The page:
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Or, the Whale is a band out of San Francisco whose staggering vocal harmonies and Neil Young-inspired guitar riffs take you back to a time when music felt real. There’s a craftsmanship to their songs that is tough to explain, but easy to recognize.
When they came on the scene six years ago, Or, the Whale had a more traditional Americana sound. In fact, the band’s 2007 album Light Poles and Pines featured the debut single “Call and Response,” which helped earn the band a 2008 Hollywood Music Award for Best Americana/Roots Artist, as well as a coveted spot on Radio & Records Top 100 Americana Artists of 2008.
After Light Poles and Pines, many of Or, the Whale’s songs took on a darker, more electric sound. This is evidenced in tracks from the band’s self-titled sophomore album released by Seany Records in 2009. Such songs include “Black Rabbit,” which features a gale-force chorus above electric feedback and pounding drums and the creeping “Keep Me Up,” which shows how Led Zeppelin’s “No Quarter” might sound if re-imagined through the mournful wail of pedal steel. Still, Americana is never far from their hearts, which is positively proven with “Never Coming Out”—a paranoid and agoraphobic rail ride that explodes into a final a capella starburst.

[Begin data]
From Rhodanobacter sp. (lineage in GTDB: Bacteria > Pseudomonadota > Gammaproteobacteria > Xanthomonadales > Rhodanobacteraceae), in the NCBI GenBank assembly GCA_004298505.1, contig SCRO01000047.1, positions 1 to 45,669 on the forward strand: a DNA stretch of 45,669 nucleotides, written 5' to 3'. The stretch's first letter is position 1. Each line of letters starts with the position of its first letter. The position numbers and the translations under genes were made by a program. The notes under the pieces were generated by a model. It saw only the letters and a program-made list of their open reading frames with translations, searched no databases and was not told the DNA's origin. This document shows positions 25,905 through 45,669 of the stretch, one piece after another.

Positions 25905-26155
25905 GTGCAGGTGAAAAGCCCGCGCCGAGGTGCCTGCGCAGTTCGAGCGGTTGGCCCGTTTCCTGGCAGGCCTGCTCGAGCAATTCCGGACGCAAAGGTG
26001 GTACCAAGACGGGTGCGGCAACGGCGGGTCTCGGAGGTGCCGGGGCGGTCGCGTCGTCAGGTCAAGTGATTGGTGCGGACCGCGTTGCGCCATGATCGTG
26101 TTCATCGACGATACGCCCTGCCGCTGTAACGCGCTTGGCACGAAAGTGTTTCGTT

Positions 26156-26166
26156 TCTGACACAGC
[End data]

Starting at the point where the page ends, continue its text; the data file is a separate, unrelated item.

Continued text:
Or, the Whale continues testing the boundaries of its own sound, always managing to keep one foot in the shadows and the other in the light. Perhaps this is due to the changing lives, tastes, and skills of its veteran members: Alex Robins (vocals, guitar), Lindsay Garfield (vocals, percussion), Jesse Hunt (drums), and Tim Marcus (pedal steel). Or, maybe it’s the result of an addition of two major talents: Lia Rose (vocals, keyboards, guitar) and Sean Barnett (vocals, bass). Either way, using history as a guide, you can be sure the songs of Or, the Whale will be tangible and real.